Greetings from sunny Florida.
Despite rumors on local sports talk radio of my demise, I am still based here in Hockey Bay, USA. However, I am no longer managing the Lightning. Having resigned on July 11, I am doing everything possible to keep myself prepared, up-to-date, and ready to manage another NHL team when the opportunity arises.
While finishing 30th last season was not what any of us in Tampa intended, I nonetheless look back with great pride on what we accomplished during my tenure as GM. Four consecutive post-season appearances, two Southeast Division titles, one first-overall finish in the East and a Stanley Cup title in six full seasons at the helm (including the lockout year) in a non-traditional market. A pretty solid performance, I’d say.
In addition to some freelance scouting and some work with NHL Radio on XM, I will also be writing a blog for The Hockey News. My goal with the blog is to give you some behind-the-scenes information based on my experiences as a GM and also to share with you my take on the news of the day in our great game.
Had you asked me when training camp opened last season if I thought the Lightning were going to be playing for the Stanley Cup in June, I would have told you we had quite a few holes to fill first. At the same time, had you told me we were going to finish dead last in the NHL, I would have said not only were you smoking something illegal, but you were inhaling as well.
How incredibly quickly things can and do change! It started before the season began in August with the announcement of the team’s sale to a group led by former Columbus president and GM Doug MacLean. It continued post-game on the night of our first pre-season contest in September when Dan Boyle’s skate fell from his locker and severed three tendons in his wrist. Other injuries mounted in a way we had never before experienced, including Boyle requiring a second surgery on his wrist. The sale of the team fell through, only to be resurrected a short time later by one of the original members of the first group of buyers.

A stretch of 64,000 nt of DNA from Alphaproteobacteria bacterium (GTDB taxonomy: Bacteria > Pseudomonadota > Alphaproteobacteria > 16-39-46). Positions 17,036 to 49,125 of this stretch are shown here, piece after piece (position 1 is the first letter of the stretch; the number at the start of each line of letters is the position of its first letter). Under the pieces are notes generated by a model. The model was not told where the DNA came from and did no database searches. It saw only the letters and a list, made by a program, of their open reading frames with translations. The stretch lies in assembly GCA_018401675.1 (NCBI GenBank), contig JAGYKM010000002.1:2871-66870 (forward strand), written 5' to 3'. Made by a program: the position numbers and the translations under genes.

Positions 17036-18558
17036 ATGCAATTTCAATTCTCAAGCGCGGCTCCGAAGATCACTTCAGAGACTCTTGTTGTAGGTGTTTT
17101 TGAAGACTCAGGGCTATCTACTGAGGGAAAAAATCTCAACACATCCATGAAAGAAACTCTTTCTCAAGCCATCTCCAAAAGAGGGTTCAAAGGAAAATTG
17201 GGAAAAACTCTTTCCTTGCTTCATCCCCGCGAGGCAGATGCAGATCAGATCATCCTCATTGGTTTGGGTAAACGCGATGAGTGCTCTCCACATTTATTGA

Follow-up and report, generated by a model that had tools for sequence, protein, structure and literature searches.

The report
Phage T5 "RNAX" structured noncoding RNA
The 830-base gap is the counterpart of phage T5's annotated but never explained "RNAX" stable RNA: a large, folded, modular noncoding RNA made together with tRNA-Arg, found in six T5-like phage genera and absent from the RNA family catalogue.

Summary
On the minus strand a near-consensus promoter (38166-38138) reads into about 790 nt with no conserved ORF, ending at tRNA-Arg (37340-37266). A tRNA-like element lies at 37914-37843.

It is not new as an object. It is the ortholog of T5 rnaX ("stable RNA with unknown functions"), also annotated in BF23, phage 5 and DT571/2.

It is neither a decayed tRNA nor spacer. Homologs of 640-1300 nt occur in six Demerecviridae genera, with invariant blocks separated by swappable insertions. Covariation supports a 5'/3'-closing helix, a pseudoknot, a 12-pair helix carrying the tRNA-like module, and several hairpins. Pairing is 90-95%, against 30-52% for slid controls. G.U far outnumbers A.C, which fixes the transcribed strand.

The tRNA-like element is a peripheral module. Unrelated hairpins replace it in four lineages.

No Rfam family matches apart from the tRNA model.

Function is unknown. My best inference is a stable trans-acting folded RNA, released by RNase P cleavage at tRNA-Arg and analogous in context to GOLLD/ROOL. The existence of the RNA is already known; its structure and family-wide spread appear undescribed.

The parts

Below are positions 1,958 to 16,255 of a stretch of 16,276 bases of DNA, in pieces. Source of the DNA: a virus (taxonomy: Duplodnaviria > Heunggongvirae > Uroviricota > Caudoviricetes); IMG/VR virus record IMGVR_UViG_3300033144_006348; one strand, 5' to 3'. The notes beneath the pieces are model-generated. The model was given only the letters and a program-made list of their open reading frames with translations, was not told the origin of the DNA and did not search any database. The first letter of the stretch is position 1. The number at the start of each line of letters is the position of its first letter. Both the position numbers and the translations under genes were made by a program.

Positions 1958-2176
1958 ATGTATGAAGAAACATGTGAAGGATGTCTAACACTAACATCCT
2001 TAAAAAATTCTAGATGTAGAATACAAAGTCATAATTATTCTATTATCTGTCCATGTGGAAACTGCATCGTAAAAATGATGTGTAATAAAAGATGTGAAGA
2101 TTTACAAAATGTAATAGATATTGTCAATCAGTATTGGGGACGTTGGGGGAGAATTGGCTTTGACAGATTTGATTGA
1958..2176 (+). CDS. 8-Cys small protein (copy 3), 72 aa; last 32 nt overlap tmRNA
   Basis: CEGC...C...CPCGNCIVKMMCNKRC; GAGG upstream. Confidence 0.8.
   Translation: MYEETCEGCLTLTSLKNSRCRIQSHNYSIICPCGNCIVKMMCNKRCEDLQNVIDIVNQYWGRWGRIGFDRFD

In short, it was a roller-coaster ride all season.
I will share some of those ups and downs with you this season. For the rest, you’ll have to wait until I write my book. In any event, I hope we can have some fun along the way as I blog for THN.com every other week. Camps are now open, some pre-season games have been played and so it’s with great enthusiasm that I say, “Drop the puck!”
Jay Feaster is a former GM of the Tampa Bay Lightning, where he took over in 2002 and helped build the team into a Stanley Cup champion in 2004. As he did last season, he will blog on THN.com throughout the 2008-09 campaign. Read his other entries HERE.